The real life adventures of author Robert Louis Stevenson rival those of his famous fictional characters. Born into a strictly religious, middle-class Edinburgh family, he later rebelled and refused to follow his father into the lighthouse construction business, opting instead for a literary career and marriage to Fanny, the love of his life and a crack-shot American divorcee. His travels took him to France, America and the South Pacific. Stevenson was an atheist and free spirit - in Samoa, where he died - and he fought in a civil war for independence. In 1886, the blockbuster novel Kidnapped was published - a dramatic adventure of abduction and life on the run in the wilds of Scotland. Stevenson died in 1894, just 44 years old. The Samoan natives, who were devoted to Stevenson, cut a track through the jungle to create a resting place for him on top of the mountain above his beloved Vailima estate.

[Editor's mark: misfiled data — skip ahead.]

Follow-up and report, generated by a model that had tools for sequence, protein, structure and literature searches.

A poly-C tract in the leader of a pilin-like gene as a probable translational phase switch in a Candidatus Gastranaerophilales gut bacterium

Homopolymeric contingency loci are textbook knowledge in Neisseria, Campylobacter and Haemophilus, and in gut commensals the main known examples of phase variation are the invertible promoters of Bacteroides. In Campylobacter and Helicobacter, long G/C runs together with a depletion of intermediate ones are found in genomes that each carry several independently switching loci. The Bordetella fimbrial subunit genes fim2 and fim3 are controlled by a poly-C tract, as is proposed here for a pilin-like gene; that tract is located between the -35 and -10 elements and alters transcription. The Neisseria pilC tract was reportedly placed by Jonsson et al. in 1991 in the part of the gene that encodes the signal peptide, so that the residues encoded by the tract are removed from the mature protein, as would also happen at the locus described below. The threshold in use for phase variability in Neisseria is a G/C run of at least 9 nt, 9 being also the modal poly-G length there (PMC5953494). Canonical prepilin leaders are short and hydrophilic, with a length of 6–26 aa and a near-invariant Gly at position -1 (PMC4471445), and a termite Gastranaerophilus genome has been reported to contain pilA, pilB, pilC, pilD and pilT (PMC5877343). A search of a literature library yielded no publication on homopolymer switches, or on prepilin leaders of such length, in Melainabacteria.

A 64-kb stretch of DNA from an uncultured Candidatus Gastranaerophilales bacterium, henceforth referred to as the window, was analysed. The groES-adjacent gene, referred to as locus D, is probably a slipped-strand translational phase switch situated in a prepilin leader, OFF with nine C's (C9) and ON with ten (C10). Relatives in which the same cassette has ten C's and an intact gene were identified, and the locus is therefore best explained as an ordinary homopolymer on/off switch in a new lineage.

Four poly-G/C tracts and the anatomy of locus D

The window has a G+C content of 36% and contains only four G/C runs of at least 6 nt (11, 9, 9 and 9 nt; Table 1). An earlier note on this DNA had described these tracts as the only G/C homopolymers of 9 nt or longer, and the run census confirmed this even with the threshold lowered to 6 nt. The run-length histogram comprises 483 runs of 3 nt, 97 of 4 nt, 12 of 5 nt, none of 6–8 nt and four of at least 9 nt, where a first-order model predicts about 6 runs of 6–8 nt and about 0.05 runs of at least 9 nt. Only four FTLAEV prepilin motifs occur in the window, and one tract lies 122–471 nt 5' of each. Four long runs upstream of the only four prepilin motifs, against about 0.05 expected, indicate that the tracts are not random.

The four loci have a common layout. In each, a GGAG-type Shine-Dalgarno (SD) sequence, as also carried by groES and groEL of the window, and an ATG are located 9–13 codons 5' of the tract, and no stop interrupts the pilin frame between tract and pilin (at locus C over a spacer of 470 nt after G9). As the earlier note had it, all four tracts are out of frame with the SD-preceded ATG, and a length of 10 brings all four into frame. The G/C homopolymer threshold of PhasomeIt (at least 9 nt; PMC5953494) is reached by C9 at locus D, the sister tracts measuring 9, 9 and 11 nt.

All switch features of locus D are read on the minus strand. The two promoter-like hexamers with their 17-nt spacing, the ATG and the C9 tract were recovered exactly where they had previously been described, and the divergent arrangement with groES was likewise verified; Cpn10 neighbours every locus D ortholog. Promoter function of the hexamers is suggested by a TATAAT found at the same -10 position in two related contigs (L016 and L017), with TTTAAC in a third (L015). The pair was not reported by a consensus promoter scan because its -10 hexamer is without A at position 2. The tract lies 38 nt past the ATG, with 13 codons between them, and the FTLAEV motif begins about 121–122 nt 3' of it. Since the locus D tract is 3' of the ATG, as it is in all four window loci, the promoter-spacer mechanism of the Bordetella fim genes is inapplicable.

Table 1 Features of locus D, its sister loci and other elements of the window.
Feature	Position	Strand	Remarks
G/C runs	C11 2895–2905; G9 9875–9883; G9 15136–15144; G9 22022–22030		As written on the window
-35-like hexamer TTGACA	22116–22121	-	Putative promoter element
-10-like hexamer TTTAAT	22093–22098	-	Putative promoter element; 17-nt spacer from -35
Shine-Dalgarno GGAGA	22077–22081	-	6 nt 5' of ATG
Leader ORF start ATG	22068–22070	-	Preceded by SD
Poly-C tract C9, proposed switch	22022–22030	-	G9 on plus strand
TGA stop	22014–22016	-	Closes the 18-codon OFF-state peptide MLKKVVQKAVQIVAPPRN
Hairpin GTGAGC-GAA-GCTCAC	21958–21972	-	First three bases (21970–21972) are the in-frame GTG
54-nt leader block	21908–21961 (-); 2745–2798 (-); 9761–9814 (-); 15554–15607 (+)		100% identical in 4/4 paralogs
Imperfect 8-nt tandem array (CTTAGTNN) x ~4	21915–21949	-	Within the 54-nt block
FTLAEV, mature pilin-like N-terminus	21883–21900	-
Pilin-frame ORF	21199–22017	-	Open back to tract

SARAH WIMPERIS began painting at a very early age as a result of family influences and an inability to spell. She studied fine art at Falmouth School of Art, exhibited with the Portal Gallery, then travelled the world, including China, Russia, Israel and Norway, painting all the way. She returned to Cornwall, raised a lot of children, painted murals for a while, then became a professional illustrator. Since 2008 she has exhibited regularly at the Beside the Wave Gallery in Falmouth, which she now manages.
TONY EVANS started his career as a high school English teacher, and has a Masters Degree in Literary Research from Lancaster University. After working as a Deputy Headteacher in Bristol he became a school inspector and educational consultant, based in Leeds. He is now a full-time writer and lives with his wife in the Yorkshire Dales. Tony has a particular interest in Victorian literature and culture. His publications include a collection of detective stories set in late nineteenth century England, as well as co-authorship of a book on steam locomotives and several books in the Real Reads series of re-told classics.